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Peripheral arterial aneurysm

Peripheral arterial aneurysm is the dilatation of a peripheral artery due to weakness of its wall.

Most common arteries involved are the popliteal artery (behind the knee), the femoral artery (at the groin), the carotid and the lower extremity arteries (more rarely)

The main risk is peripheral embolization. In most aneurysms there is a significant amount of clot (thrombus). In some cases, a piece of clot can travel and block any peripheral vessel (peripheral embolization). A less common complication is rupture and bleeding.

Most patients do not have any symptoms. Some may feel a bulging mass at the site of the aneurysm. Others may have signs of ischemia. In popliteal or femoral artery aneurysms, patients may have leg pain during exercise or sleep, nonhealing ulcers or gangrene. Finally in carotid aneurysms they may experience temporary or permanent stroke.

The etiology of the aneurysm is unknown. Risk factor include age >60y, 1st degree relative with an aneurysm, high blood pressure or cholesterol and smoking.


 Popliteal Aneurysm

The diagnosis is confirmed with Duplex Ultrasound. If repair of the aneurysm is required, patients need to have a CT angiography or an MRI angiography.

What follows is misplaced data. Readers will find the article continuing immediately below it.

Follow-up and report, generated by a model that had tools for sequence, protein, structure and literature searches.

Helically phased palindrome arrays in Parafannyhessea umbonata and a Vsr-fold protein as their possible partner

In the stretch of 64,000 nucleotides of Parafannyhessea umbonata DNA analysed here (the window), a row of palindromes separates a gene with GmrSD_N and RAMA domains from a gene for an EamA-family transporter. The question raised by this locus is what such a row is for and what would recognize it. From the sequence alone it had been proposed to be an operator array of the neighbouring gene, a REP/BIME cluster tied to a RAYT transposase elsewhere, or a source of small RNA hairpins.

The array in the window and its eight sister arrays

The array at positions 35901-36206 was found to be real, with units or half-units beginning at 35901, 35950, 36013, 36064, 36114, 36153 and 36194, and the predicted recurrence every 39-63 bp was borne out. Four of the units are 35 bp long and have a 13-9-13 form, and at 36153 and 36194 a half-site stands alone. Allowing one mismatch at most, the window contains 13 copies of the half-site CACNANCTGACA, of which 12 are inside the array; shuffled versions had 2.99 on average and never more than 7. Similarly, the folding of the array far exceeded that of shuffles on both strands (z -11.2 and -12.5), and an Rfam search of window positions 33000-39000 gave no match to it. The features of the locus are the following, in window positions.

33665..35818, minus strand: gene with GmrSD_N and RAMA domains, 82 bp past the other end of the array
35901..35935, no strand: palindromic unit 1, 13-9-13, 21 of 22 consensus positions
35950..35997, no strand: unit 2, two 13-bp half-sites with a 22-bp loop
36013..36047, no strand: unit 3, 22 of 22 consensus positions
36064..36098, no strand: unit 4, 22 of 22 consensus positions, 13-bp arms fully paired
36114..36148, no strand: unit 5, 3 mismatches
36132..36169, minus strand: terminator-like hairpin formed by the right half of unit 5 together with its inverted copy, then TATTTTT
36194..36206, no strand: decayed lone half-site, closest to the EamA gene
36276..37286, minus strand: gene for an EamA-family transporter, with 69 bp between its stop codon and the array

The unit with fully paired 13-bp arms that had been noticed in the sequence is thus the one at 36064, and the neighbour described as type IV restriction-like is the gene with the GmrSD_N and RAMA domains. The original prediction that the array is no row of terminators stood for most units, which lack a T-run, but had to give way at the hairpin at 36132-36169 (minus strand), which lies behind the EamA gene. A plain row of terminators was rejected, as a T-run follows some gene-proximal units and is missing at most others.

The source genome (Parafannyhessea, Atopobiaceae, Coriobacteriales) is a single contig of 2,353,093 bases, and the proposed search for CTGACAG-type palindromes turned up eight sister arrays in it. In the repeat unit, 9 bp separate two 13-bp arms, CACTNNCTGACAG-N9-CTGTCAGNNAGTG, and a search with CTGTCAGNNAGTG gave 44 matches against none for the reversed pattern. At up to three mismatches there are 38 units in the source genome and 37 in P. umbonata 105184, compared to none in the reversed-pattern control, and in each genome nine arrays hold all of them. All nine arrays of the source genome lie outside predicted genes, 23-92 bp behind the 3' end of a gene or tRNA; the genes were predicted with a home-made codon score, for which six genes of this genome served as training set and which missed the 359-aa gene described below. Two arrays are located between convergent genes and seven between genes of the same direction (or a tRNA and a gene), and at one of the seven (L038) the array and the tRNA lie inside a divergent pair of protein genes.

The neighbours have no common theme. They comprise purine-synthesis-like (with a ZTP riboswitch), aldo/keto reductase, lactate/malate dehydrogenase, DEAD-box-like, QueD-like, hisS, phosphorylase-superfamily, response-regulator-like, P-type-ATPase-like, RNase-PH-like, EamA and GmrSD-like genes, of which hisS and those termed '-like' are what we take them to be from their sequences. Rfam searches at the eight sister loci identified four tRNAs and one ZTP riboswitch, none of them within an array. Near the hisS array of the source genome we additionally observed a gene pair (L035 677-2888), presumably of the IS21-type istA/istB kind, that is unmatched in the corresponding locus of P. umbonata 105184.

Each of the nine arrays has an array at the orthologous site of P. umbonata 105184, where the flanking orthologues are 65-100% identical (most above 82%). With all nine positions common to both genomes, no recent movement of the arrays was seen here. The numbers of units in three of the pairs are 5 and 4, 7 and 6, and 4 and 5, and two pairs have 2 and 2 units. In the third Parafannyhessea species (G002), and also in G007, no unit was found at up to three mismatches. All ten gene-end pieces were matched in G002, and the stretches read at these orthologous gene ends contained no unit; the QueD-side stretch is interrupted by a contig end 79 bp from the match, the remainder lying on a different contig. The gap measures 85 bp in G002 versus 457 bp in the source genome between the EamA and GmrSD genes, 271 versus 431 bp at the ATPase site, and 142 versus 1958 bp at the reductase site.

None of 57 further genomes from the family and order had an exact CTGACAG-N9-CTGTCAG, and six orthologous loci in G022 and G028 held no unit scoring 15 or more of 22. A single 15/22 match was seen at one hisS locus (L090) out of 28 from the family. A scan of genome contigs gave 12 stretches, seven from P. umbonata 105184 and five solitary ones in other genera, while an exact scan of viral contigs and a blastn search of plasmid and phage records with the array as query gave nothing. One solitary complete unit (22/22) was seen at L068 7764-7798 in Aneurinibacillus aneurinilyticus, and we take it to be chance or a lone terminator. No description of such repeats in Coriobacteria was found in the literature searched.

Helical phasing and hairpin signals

The decision to repair the aneurysm is based on size, presence of thrombus or symptoms and age of the patient

There are two methods of treatment, minimally invasive (endovascular) and open surgical repair.


 Popliteal Aneurysm

Popliteal Stent

During the minimally invasive procedure the repair of the aneurysm is performed from within the vessel (this is why it is called endovascular). Under local anesthesia, the vascular surgeon punctures the femoral artery of the leg and then places an endograft within the vessel. The patient is discharged in 1 day, there is no postoperative pain and recovery is very fast.

Open surgical repair requires general anesthesia and a large incision. The artery is replaced with a piece of patient’s vein or with a synthetic graft (more rarely). After the operation, the patient may be transferred to ICU for 1 day and he is discharged after one week. Full recovery requires 2 – 3 months.

The advantages of the minimally invasive procedure are obvious: no general anesthesia, no incision, no postoperative pain, early discharge and early recovery. The endovascular repair is performed in most but not all patients.
For both methods there are indications and contradictions.

The results of the endovascular repair are excellent when:

a) It is performed by experienced vascular surgeons in patients suitable for this technique.

b) It is performed in state of the art hybrid operating rooms which combine the safety of the operating room with the superb imaging capabilities of the angiography suite.

c) Last generation endovascular devices are used.

Patients with peripheral arterial aneurysm should consult vascular surgeons with experience in both endovascular and open surgical repairs in order to receive the most appropriate method of treatment.

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